PG NewsPG delivery
Pittsburgh Post-Gazette Home Page
PG News: Nation and World, Region and State, Neighborhoods, Business, Sports, Health and Science, Magazine, Forum
Sports: Headlines, Steelers, Pirates, Penguins, Collegiate, Scholastic
Lifestyle: Columnists, Food, Homes, Restaurants, Gardening, Travel, SEEN, Consumer, Pets
Arts and Entertainment: Movies, TV, Music, Books, Crossword, Lottery
Photo Journal: Post-Gazette photos
AP Wire: News and sports from the Associated Press
Business: Business: Business and Technology News, Personal Business, Consumer, Interact, Stock Quotes, PG Benchmarks, PG on Wheels
Classifieds: Jobs, Real Estate, Automotive, Celebrations and other Post-Gazette Classifieds
Web Extras: Marketplace, Bridal, Headlines by Email, Postcards
Weather: AccuWeather Forecast, Conditions, National Weather, Almanac
Health & Science: Health, Science and Environment
Search: Search by keyword or date
PG Store: Pittsburgh Post-Gazette merchandise
PG Delivery: Home Delivery, Back Copies, Mail Subscriptions
Sports Headlines Steelers Pirates Penguins
College Headlines University of Pittsburgh Penn State West Virginia
Other Local Colleges Scholastic Sports AP Wire Sports City Guide Sports
Columnist Bob Smizik: Pitt Stadium's time has passed

Monday, March 01, 1999

By Bob Smizik, Post-Gazette Sports Columnist

As a high school student, I sold souvenirs, pins and pennants outside Pitt Stadium. Still in high school, I got inside the place to see Mike Ditka play.


Later, I saw Tony Dorsett, Hugh Green, Dan Marino and Bill Fralic perform on the artificial turf that was the home of the Pitt football team.

In 1977, I sat deep in the end zone, just another alumnus who couldn't get a good ticket, when Penn State beat Pitt by two points in brutal cold.

In 1981, I sat in the press box and looked on in awe as Pitt scored two quick touchdowns and was swiftly moving toward a third. Then I watched in disbelief as Penn State scored 48 consecutive points.

I was the last journalist but not the last person to leave the old Pitt Stadium press box in the early 1970s after a WPIAL championship game. Someone entered after I left that night and burned the place down.

I've seen football games at Pitt Stadium for five decades. I've seen one of the greatest teams in college football history and many of the worst.

I've seen high school games there, covered track meets and watched NBA great Maurice Stokes play for Westinghouse High in the gym that used to be beneath it.

My memories of Pitt Stadium are more than most, and I cherish them. So when people say Pitt is going to move out of the stadium and play its games on the North Side, miles from campus, I say ... good. I say, blow it up or tear it down. Just get rid of it.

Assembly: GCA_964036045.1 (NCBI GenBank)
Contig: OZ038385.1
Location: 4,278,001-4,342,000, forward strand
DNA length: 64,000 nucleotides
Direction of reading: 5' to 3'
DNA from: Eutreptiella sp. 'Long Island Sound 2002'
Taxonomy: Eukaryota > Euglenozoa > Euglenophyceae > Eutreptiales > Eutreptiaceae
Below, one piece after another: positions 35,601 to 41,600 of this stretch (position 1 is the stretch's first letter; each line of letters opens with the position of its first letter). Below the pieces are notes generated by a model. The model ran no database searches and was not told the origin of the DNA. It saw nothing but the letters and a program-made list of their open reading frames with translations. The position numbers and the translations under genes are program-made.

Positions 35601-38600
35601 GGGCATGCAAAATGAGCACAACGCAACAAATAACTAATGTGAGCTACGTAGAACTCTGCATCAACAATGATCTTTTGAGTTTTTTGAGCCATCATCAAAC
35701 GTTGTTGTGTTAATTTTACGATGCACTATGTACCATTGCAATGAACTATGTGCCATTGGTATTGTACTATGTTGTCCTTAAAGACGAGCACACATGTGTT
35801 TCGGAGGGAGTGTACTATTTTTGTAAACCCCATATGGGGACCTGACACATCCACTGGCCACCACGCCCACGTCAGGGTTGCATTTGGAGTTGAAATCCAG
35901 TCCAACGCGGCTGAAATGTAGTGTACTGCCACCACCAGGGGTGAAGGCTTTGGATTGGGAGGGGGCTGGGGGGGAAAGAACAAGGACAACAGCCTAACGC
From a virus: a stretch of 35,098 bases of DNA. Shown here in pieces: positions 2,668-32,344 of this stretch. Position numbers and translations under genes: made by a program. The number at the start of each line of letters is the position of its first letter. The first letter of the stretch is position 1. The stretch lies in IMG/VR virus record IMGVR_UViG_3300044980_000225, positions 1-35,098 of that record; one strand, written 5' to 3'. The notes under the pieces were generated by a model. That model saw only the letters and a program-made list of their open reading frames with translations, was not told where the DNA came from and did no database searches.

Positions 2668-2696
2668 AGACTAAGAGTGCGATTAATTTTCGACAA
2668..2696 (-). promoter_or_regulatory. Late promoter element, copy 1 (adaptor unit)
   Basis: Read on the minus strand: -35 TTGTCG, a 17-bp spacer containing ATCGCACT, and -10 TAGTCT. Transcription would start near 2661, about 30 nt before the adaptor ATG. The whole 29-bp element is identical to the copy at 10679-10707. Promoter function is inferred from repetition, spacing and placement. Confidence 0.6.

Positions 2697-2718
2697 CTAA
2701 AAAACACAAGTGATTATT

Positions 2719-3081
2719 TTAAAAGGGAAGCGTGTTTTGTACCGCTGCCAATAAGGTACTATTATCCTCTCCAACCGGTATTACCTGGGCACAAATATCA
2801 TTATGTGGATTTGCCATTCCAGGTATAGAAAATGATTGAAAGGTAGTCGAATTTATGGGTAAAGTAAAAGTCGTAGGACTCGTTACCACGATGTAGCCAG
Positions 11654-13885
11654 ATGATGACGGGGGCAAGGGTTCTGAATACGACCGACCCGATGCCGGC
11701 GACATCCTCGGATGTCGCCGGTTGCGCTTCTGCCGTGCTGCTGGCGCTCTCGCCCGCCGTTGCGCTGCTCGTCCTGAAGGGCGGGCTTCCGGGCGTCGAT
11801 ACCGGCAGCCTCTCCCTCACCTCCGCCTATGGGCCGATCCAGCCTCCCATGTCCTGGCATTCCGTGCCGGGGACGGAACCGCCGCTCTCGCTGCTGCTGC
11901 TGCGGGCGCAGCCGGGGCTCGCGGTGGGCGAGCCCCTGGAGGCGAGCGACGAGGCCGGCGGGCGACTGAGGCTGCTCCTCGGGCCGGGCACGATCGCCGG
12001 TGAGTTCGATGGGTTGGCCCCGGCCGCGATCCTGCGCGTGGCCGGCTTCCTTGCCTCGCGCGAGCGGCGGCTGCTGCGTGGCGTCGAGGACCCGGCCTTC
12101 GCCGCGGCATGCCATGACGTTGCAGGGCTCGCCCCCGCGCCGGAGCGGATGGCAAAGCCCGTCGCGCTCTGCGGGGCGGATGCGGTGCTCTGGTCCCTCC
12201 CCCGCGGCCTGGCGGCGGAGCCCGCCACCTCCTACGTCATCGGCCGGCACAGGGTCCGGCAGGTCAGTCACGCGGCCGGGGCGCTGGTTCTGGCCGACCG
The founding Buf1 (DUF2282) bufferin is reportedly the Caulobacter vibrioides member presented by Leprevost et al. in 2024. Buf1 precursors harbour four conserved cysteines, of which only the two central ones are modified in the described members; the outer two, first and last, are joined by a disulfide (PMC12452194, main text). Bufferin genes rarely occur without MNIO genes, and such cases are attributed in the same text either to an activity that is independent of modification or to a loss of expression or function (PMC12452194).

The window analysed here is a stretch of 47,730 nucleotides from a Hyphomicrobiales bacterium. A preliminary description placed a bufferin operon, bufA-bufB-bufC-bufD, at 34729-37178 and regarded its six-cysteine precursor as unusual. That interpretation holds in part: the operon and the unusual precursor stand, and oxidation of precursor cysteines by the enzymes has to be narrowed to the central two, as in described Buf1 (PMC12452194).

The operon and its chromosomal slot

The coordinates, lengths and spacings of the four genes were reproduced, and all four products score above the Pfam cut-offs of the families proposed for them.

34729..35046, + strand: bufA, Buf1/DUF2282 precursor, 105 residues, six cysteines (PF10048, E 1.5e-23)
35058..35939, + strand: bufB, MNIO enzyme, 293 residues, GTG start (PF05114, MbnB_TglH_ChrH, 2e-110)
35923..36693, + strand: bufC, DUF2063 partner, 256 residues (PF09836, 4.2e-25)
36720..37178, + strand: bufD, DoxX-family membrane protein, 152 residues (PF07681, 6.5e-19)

It was once a wonderful edifice. It has outlived its usefulness. It still is a great place to watch a game. But watching a game isn't everything in college football these days. Having a fun day is what it's about, and most people can't have a fun day at Pitt Stadium with its backless seats, inadequate restrooms, insufficient concessions and invisible parking.

This atmosphere might work in University Park or Lincoln or Columbus, but not in Pittsburgh.And it's not going to work any time soon.

If the Pitt football program is again to be successful, it can't be at this out-of-date facility that can't compete with the new stadiums that soon will be attracting Pittsburgh entertainment dollars.

The sentimentalists who want Pitt to keep playing at Pitt Stadium are dreamers. It's time to build new traditions and, more importantly, it's time to open up Pitt football to the rest of the region. Pitt football can't survive solely with the support of students and alumni. A look at the yearly attendance figures makes that clear.

To bring in new fans, Pitt needs an attraction. Pitt Stadium isn't an attraction; it's a distraction. The soon-to-be built stadium on the North Side, the new home of the Steelers, will have all the amenities necessary to bring not just the old fans back to Pitt football but badly needed new ones, too.

Some students, to their great credit, are campaigning to keep the stadium alive. A few dozen showed up at the basketball game Saturday wearing S.O.S. (Save Our Stadium) T-shirts. If I were still a student, I'd be with them.

But this isn't about students. College athletics long ago ceased to be about students. Maybe that started about the time too many football and basketball players ceased being students.

Here are some other memories people who want to keep the stadium alive should consider:

In 1976, when Pitt won the national championship and had arguably the greatest running back in college football history, the average attendance for this 12-0 team was 44.931 - about 10,000 below capacity.

In 1979, with an 11-1 team, the average attendance was 44,951.

In the 1990s, Pitt never averaged as much as 40,000 for its stadium schedule.

It doesn't work, and it's time to fix it.

Building a convocation center on the site of Pitt Stadium or turning the land over to the medical community is a gamble. But what's just as certain is Pitt can not continue to play in this wreck of a facility if it has any desire to return to an elite position in college football.

Bob Smizik can be reached at:

bottom navigation bar Terms of Use  Privacy Policy